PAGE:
ChangeTip, One of Bitcoin’s Best Known Brands, Couldn’t Find a Buyer

ChangeTip, One of Bitcoin’s Best Known Brands, Couldn’t Find a Buyer

ChangeTip, an internet app which has facilitated tips over the web via bitcoin for two years, wanted to make it worthwhile for internet users of all varieties to produce quality internet content. “We had a vision for a company that would allow people to spread appreciation on the web for things they enjoyed,” says ChangeTip CEO Nick Sullivan. Now, the experiment is over, and at the end of November ChangeTip will have processed its last bitcoin tip. One of the most recognizable brands in Bitcoin couldn’t find a buyer. 



According to Sullivan, more than 100,000 people have used ChangeTip for more than 350,000 tips. His common refrain posits the average tip size at just over $1, though some have used the service to tip mere pennies. 

“We gave the Bitcoin movement a good boost, and we’re honored to have been the ‘first bitcoin wallet’ for so many people,” the CEO says.

In April, ChangeTip’s employees were aqui-hired by Airbnb. Most the team works there today.

“Since then, we’ve been searching for the best outcome for ChangeTip, and unfortunately the only remaining option is to shut it down,” says Mr. Sullivan.

ChangeTip will disable tipping functionality at the end of the month. The site will remain in withdrawal-only mode so people may collect funds. “The site will remain up for a number of months to allow users to withdraw funds, and we will be reaching out to users to notify them,” says Mr. Sullivan.

In some ways, ChangeTip was redundant. A centralized service meant to allow people to send bitcoin to each other really doesn’t do much Bitcoin itself can’t do. Ultimately, ChangeTip, like many Bitcoin businesses, wasn’t making enough money to justify the costs of keeping good developers on staff. A 1% fee on transactions which were often so tiny you’d have to squint to see them. ChangeTip also became a security weak point for the average internet user, as the application connected identities across services. For instance, a Facebook user could connect their ChangeTip service to that service, as well as Twitter and Reddit.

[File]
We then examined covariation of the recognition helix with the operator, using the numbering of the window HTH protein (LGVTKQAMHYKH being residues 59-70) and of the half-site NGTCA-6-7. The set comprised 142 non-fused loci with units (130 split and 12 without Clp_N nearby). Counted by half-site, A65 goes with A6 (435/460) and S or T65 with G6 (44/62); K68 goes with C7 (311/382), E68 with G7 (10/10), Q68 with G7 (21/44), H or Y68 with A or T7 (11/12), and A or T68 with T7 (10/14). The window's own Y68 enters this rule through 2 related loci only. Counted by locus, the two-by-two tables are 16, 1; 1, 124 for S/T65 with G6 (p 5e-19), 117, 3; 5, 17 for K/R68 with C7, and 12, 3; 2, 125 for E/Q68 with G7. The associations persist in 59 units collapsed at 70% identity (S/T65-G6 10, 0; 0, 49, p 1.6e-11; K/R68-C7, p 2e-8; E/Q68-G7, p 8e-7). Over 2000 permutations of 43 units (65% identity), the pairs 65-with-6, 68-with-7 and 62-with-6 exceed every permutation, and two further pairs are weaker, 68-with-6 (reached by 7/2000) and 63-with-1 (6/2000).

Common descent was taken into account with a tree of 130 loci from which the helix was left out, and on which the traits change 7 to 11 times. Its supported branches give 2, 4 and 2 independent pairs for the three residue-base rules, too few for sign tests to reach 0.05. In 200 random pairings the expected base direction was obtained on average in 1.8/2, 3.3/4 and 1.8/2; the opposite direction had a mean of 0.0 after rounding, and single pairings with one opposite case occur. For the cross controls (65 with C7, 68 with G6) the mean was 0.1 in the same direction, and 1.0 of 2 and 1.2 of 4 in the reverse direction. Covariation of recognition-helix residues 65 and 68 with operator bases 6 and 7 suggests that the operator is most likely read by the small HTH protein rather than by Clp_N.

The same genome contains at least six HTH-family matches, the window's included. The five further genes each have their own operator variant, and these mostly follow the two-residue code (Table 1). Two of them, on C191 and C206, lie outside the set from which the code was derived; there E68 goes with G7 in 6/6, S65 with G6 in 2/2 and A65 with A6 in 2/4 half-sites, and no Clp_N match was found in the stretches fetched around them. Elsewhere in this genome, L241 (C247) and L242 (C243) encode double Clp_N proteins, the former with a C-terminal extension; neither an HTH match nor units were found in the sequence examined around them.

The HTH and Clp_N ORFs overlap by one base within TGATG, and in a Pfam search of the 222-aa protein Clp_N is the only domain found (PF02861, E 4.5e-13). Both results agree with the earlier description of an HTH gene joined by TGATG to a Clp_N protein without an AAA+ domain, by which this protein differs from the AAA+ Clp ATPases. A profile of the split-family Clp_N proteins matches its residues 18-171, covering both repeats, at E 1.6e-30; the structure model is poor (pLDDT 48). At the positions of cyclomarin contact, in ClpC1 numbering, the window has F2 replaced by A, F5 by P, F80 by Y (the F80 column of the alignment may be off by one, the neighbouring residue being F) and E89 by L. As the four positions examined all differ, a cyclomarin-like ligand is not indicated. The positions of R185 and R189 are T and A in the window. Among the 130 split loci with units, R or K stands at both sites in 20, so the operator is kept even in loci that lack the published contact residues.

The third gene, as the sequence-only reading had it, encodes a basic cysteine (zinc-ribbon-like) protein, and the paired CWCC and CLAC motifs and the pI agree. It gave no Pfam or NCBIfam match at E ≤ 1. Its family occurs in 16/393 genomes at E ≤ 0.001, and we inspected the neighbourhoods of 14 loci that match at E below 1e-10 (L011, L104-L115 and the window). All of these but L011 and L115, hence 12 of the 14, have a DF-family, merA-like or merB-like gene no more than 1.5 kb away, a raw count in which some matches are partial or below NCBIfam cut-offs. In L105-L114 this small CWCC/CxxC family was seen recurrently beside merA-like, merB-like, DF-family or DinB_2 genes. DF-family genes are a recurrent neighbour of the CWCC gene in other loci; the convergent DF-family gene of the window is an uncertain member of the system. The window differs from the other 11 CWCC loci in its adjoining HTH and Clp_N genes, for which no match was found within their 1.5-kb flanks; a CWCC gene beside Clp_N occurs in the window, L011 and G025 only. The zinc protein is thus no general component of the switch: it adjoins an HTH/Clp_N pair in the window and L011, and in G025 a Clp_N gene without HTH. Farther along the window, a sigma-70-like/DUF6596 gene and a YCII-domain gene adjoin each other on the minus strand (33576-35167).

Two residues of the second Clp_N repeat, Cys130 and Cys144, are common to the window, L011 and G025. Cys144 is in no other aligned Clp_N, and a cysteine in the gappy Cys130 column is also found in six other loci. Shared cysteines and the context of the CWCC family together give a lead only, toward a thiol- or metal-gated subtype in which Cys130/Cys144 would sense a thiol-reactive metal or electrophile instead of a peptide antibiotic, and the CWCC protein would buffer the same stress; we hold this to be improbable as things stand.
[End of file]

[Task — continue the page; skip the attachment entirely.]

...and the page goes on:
San Francisco’s AirBnb purchased ChangeTip in the spring as part of a talent acquisition. ChangeTip made it clear it was shopping the source code around, but apparently it found no buyers. Alongside ChangeTip’s tipping service, it also provided a wallet and exchange. Sullivan made no comments what would happen with the startup’s domain, ‘changetip.com’. Users expressed disappointment to see the service go, but Bitcoin purists (who think Bitcoin and an address can perform ChangeTip’s service just fine) likely won’t miss the service.

“We’ve explored dozens of options thoroughly over the past few months, and came up empty,” says Mr. Sullivan. “It’s time. Among other complications, the monthly costs to maintain the servers, services, and customer support to keep the site running are not insignificant. Furthermore, the potential legal liabilities that may arise make a volunteer effort unappealing.”

That ChangeTip, one of the most recognizable brands in Bitcoin, couldn’t find a buyer might not sit well with many others in the space. Albeit, perhaps just those Bitcoin companies that make negligible margins. 

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